Practical Ethics for the Professional Prosecutor

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Title

Practical Ethics for the Professional Prosecutor

Description

In Brady v. Maryland, the United States Supreme Court held that the prosecution’s withholding of material exculpatory evidence violated the defendant’s due process rights regardless of the absence of bad faith. The implications of this duty can be seen in the case of John Thompson, a man who was convicted of murder in Louisiana in 1985 after the prosecution failed to turn over exculpatory evidence. Thompson was able to get his conviction reversed and subsequently sued the district attorney’s office. This Article analyzes Brady and the decisions that followed it to outline the obligations of prosecutors who are in possession of Brady evidence. This Article then suggests several steps that district attorneys’ offices can take to ensure that employees are properly trained and that Brady evidence is disclosed when required by law.

Creator

Enrico B. Valdez

Publisher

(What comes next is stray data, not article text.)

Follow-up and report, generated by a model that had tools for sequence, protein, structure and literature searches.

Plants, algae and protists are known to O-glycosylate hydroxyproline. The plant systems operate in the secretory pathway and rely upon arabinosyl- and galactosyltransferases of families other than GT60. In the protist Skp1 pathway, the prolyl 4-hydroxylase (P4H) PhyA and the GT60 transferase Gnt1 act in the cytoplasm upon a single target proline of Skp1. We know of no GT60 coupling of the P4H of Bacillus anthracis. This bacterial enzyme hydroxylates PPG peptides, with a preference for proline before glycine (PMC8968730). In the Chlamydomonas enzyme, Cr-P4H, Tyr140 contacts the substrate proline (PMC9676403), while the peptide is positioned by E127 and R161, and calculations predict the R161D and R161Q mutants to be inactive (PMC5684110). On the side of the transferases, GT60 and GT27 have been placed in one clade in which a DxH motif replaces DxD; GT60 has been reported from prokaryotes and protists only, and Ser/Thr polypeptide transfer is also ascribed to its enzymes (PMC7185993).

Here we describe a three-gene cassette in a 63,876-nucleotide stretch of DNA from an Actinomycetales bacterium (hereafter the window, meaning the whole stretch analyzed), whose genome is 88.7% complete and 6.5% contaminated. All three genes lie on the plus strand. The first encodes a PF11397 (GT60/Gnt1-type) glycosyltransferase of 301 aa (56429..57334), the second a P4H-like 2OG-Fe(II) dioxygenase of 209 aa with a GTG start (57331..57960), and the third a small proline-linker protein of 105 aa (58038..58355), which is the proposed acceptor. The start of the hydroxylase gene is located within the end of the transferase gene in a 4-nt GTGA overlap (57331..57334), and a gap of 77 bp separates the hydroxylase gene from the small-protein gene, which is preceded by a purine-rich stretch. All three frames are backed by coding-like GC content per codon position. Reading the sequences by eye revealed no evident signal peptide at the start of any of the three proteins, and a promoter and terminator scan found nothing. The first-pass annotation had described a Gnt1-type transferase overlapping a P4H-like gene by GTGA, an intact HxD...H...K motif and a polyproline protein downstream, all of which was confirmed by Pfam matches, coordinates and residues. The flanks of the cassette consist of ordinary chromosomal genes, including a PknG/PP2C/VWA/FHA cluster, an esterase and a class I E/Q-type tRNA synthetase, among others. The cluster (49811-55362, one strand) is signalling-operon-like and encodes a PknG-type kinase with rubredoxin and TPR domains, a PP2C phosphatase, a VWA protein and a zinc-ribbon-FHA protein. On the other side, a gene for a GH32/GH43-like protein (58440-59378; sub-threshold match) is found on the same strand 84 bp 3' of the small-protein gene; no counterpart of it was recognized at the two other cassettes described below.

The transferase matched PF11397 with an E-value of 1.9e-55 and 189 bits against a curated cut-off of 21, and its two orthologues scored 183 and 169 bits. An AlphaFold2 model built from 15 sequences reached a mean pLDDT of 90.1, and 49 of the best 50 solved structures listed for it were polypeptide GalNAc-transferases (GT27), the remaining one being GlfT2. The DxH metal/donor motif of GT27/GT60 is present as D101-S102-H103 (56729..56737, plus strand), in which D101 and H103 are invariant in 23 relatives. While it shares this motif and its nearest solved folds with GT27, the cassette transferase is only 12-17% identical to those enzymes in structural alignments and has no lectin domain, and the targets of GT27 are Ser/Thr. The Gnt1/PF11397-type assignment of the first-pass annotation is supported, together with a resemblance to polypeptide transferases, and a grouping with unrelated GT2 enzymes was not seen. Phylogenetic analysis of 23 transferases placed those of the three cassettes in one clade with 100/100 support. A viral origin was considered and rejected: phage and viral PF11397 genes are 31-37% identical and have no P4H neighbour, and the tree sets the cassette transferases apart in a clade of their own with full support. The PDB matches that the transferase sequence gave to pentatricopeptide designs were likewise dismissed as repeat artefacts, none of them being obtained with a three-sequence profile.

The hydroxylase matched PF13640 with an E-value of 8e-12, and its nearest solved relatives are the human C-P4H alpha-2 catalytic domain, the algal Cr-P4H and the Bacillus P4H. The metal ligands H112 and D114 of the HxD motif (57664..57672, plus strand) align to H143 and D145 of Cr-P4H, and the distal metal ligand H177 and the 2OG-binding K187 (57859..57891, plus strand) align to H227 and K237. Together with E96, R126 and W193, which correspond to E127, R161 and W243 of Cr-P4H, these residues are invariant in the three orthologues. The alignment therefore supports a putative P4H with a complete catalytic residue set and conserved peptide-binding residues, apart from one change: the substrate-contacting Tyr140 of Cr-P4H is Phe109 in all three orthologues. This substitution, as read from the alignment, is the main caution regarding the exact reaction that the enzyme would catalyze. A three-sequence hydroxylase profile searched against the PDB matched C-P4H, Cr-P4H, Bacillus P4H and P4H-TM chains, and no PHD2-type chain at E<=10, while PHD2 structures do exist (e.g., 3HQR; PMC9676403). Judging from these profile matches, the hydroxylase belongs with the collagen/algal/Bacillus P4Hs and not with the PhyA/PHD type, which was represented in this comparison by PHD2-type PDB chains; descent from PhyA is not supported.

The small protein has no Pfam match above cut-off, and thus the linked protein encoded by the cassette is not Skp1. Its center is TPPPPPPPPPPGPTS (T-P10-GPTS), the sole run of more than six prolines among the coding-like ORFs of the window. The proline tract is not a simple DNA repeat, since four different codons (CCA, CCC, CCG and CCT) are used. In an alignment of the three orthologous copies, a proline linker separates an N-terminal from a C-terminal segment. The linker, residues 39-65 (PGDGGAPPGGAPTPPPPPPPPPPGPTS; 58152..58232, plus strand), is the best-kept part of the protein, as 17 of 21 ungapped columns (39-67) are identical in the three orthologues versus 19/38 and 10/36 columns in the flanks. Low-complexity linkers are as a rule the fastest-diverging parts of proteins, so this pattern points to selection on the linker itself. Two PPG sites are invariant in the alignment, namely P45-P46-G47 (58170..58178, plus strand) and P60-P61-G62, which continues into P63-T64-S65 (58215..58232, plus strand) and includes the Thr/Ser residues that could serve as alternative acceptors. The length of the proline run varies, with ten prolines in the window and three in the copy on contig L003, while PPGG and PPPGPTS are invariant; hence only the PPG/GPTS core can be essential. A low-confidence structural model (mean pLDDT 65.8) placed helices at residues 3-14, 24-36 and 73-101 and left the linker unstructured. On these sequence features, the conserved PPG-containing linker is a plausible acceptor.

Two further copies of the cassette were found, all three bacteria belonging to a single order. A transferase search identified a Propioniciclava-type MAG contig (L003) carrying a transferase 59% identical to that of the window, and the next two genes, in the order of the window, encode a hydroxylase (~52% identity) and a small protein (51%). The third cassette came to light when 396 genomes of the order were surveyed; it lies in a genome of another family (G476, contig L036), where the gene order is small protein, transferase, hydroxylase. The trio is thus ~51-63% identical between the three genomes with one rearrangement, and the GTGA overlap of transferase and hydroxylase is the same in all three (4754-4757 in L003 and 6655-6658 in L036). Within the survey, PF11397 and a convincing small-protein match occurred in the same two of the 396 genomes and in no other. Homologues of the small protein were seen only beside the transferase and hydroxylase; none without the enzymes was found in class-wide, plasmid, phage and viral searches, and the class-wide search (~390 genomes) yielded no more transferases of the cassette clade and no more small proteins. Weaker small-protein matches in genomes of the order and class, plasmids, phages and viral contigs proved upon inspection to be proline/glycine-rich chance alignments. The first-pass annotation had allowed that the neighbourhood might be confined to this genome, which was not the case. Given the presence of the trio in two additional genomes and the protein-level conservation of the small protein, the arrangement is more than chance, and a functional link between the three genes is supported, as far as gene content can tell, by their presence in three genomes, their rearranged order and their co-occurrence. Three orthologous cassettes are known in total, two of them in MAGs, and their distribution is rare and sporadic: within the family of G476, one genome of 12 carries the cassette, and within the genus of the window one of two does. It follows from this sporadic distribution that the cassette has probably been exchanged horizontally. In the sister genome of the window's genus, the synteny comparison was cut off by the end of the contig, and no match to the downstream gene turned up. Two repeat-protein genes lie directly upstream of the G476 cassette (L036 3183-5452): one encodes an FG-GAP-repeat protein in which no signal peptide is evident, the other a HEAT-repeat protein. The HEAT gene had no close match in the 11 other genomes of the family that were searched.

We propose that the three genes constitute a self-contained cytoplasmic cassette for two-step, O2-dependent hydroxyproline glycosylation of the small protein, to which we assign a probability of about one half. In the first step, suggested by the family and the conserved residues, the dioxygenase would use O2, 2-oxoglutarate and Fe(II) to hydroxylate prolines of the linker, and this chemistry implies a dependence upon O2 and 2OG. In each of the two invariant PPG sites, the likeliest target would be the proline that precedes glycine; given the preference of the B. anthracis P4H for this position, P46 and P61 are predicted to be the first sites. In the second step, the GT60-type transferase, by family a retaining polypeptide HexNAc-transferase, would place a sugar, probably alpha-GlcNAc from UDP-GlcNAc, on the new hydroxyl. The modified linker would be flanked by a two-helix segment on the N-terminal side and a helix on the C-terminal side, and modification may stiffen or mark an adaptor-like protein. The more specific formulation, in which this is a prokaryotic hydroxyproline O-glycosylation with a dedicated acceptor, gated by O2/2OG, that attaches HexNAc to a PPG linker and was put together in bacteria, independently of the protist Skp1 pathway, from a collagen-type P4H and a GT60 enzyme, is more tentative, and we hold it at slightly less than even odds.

St. Mary's Journal on Legal Malpractice and Ethics, St. Mary's University School of Law

Date

2011

Contributor

St. Mary's University School of Law

Rights

Copyright to author Enrico B. Valdez

Relation

St. Mary's Journal on Legal Malpractice and Ethics

Format

RFC3778

Language

English, en-US

Type

Text

Identifier

STMU_StMarysJLegalMalpracticeAndEthics_v01i1p0250_Valdez_Step12.pdf

Files

STMU_StMarysJLegalMalpracticeAndEthics_v01i1p0250_Valdez_Step12.pdf

Citation

Enrico B. Valdez, “Practical Ethics for the Professional Prosecutor ,” St. Mary's Law Digital Repository, accessed December 14, 2017, http://lawspace.stmarytx.edu/item/STMU_StMarysJLegalMalpracticeAndEthics_v01i1p0250_Valdez_Step12.pdf.

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